First borns and children from small families also enjoy higher ambition and intelligence. They have more character and a better relationship with parents.
If anything, only children just display the same traits found in first borns, only stronger. Often, studies compare children without siblings to first borns, middle children, and last borns. These typically find the same trait, such as ambition, in the first born. They simply find a higher level in the only child.
Do only children feel lonely?
Only children enjoy the same number of close friendships. This has been found throughout childhood and adulthood. Likewise, studies find they have the same level of social skills and ability to cooperate, and are no less extroverted.
However, those without siblings may be slightly less popular in early childhood. In elementary school, these children were less liked by classmates. Never-the-less, they enjoyed the same number of friends and the same level of friendship quality as other kids. First-borns did not suffer this fate. Probably all the time struggling with siblings gives children from larger families a social edge.
Luckily, by adolescence, these kids catch up. In a large study of 13,500 kids at 10 high schools, teens were asked to name 10 friends. Only children were just as popular as other teens. Most kids spend eight hours a day at school and enjoy extracurricular activities and friendships. This may have a normalizing effect.
As it turns out, the personality traits of only children, like independence and character, may benefit them as teenagers in social environments. In one study, 39% of teenage onlies reported an episode of alcohol intoxication, versus 69% of first borns. In another study, teens with siblings reported being bullied 50% more often at school than onlies.
Do they feel lonely as adults?
As adults, only children report fewer friends overall, but a similar number of close friendships. Likewise, they spend a similar amount of time socializing with friends, neighbors, and coworkers. Perhaps they seek out companionship that is more meaningful and spend more time with fewer individuals.
They do not suffer in old age, either. The morale of elderly people who had frequent interaction with siblings did not differ from those who had no interaction with siblings at all. Previous research compared time spent with friends to time spent with family in old age. They found that only time with friends increases one’s life satisfaction.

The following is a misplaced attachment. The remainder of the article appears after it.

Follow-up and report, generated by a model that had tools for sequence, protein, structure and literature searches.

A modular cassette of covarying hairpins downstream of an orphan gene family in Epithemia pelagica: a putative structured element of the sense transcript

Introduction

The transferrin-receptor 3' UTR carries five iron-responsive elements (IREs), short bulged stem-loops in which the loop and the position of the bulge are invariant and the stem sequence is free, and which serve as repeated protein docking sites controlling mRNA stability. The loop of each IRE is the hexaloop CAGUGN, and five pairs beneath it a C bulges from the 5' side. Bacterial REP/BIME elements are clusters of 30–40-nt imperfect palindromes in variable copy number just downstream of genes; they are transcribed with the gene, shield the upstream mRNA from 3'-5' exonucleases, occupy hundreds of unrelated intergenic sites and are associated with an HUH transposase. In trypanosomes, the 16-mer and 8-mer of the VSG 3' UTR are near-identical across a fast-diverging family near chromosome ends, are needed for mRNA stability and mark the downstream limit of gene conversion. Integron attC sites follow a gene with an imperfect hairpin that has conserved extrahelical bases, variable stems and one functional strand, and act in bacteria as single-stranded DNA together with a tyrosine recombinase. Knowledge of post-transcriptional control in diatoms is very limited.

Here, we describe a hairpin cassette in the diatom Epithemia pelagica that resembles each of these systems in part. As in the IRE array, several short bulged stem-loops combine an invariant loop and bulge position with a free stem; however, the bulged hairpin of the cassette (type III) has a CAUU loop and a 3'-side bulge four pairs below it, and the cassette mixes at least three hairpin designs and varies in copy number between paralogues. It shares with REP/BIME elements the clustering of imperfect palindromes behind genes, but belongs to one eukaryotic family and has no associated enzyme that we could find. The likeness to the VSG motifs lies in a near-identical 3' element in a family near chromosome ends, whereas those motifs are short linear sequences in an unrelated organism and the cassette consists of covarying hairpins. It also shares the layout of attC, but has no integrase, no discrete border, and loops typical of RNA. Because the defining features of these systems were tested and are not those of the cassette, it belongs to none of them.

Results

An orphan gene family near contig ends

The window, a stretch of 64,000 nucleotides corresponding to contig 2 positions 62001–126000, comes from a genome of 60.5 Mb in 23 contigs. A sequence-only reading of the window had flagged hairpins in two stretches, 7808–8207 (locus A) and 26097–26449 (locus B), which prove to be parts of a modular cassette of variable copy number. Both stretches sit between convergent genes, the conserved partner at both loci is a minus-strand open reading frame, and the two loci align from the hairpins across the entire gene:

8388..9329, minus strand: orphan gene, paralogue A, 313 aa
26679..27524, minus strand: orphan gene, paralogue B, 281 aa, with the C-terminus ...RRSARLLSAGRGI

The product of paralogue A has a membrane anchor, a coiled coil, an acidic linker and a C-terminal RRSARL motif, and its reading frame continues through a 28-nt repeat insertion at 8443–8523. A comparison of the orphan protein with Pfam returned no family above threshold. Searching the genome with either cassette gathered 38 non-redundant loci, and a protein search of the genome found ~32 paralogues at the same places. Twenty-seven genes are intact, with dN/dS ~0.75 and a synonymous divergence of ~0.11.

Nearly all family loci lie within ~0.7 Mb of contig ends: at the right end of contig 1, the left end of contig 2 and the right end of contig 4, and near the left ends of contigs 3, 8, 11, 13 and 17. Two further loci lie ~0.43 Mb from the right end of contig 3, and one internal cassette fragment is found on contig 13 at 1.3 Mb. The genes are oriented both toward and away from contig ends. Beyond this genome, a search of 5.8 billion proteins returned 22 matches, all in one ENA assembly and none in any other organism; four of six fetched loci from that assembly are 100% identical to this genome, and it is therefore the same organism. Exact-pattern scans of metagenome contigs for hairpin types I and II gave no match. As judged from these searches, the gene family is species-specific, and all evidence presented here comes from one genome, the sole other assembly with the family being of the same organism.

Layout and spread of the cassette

Do they suffer from depression?
As children and teenagers, only children may actually be happier without siblings. One large study found that having younger siblings reduced life satisfaction in kids and teens. Another found that teenagers with siblings were twice as likely to suffer from depression. Researchers attributed this to the fact that teens with siblings did not confide in parents as often.
As adults, studies find time and again that adult only children enjoy the same happiness and life satisfaction as everyone else. They do not suffer from more depression, anxiety, or neurotic disorder than those with siblings.
The one child family
Not surprisingly, only children report a more positive relationship with parents. This is true in childhood as well as in adulthood. They even have better relationships with their parents than first borns. These kids also receive individual attention from parents as an infant.
However this does not necessarily translate to more time spent with parents as an adult. Actually, they spend 20% less time with relatives than those with siblings. Naturally, they aren’t spending time with brothers and sisters, nieces and nephews. This amounts to less time spent with family, overall.
Only children as adults
As teenagers, only children were more likely to plan on going to college than those with siblings. This was despite not performing any better academically in high school. Something about the high ambition of these kids seems to fuel their college dreams.
As adults, they tend to reach higher education levels. Likewise, they achieve higher status in their occupations. The combination of having higher ambition, intelligence and other positive personality traits leads to better outcomes in the workplace.